In Britain during the late 1970s and early 1980s, a new phenomenon emerged, with female guitarists, bass-players, keyboard-players and drummers playing in bands. Before this time, women's presence in rock bands, with a few notable exceptions, had always been as vocalists. This sudden influx of female musicians into the male domain of rock music was brought about partly by the enabling ethic of punk rock ('anybody can do it!') and partly by the impact of the Equal Opportunities Act. But just as suddenly as the phenomenon arrived, the interest in these musicians evaporated and other priorities became important to music audiences. In an updated new paperback edition of a book originally published in hardcover in 2007, Helen Reddington investigates the social and commercial reasons for how these women became lost from the rock music record, and rewrites this period in history in the context of other periods when female musicians have been visible in previously male environments. Reddington draws on her own experience as bass-player in a punk band, thereby contributing a fresh perspective on the socio-political context of the punk scene and its relationship with the media.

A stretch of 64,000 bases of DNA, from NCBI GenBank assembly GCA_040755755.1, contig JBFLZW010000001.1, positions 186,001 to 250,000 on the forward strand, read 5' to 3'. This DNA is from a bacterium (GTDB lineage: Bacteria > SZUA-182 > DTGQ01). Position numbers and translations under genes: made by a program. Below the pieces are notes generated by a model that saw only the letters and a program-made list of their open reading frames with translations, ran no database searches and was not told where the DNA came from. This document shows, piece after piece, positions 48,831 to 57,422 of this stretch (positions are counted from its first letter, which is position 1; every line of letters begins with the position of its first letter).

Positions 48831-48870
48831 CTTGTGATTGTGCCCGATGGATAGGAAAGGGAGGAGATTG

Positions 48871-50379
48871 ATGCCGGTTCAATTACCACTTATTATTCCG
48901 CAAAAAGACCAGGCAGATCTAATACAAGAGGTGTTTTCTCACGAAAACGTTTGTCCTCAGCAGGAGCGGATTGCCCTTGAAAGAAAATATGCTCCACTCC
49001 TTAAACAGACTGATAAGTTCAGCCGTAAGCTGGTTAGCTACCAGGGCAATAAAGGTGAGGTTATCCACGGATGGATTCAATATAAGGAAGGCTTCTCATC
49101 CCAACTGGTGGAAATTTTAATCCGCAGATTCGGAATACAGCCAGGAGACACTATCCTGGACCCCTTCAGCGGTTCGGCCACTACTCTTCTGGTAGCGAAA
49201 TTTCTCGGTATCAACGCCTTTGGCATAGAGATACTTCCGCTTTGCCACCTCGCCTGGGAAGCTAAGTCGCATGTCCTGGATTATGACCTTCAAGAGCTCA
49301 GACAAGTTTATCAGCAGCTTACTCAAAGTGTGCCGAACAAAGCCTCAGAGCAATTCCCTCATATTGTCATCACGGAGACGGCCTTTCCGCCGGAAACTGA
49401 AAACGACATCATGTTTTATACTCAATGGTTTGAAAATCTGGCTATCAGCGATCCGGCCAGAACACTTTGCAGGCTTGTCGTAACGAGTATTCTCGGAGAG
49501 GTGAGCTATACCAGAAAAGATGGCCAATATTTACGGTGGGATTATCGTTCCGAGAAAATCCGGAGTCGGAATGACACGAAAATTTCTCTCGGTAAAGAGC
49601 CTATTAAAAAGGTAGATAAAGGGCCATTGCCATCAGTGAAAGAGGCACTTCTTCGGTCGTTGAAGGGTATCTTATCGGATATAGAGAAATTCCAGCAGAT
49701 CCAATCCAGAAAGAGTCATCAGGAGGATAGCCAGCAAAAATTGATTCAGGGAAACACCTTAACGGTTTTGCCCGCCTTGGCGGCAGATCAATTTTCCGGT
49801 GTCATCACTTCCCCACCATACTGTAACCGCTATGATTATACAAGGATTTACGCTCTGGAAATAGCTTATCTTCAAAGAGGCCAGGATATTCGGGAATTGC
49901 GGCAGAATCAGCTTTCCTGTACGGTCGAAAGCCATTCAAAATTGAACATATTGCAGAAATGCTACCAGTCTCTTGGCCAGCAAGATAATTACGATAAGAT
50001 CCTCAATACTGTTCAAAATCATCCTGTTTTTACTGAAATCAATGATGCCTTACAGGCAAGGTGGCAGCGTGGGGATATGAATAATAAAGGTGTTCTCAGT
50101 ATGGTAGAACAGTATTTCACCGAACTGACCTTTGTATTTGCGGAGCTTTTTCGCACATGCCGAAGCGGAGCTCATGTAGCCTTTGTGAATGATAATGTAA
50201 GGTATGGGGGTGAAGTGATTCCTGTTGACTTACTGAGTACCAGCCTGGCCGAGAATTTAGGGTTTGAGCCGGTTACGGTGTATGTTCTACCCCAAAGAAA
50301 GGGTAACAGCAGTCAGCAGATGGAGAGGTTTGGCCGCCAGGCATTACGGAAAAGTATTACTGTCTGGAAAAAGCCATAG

In addition to a wealth of original interview material with key protagonists, including the late John Peel, Geoff Travis, The Raincoats and the Poison Girls, this edition has been updated to reflect the national nature of punk and post-punk with the inclusion of interviews from members of Birmingham-based band The Au Pairs, Leeds-based band The Delta 5 and Viv Albertine of The Slits. Lucy Whitman (aka Lucy Toothpaste) who started the fanzine Jolt and later wrote for Spare Rib also provides enlightening words on the relationship between female punk band members and feminism.
Helen Reddington teaches at the School of Social Sciences, Media and Cultural Studies, at the University of East London, UK.
Introduction 1. A ladder through the glass ceiling? 2. Media gatekeepers and cultural intermediaries 3. The Brighton scene 4. Noise, violence and femininity 5. The aftermath 6. The social context: academic writing on subcultures, the rock press and 'women in music' 7. Conclusion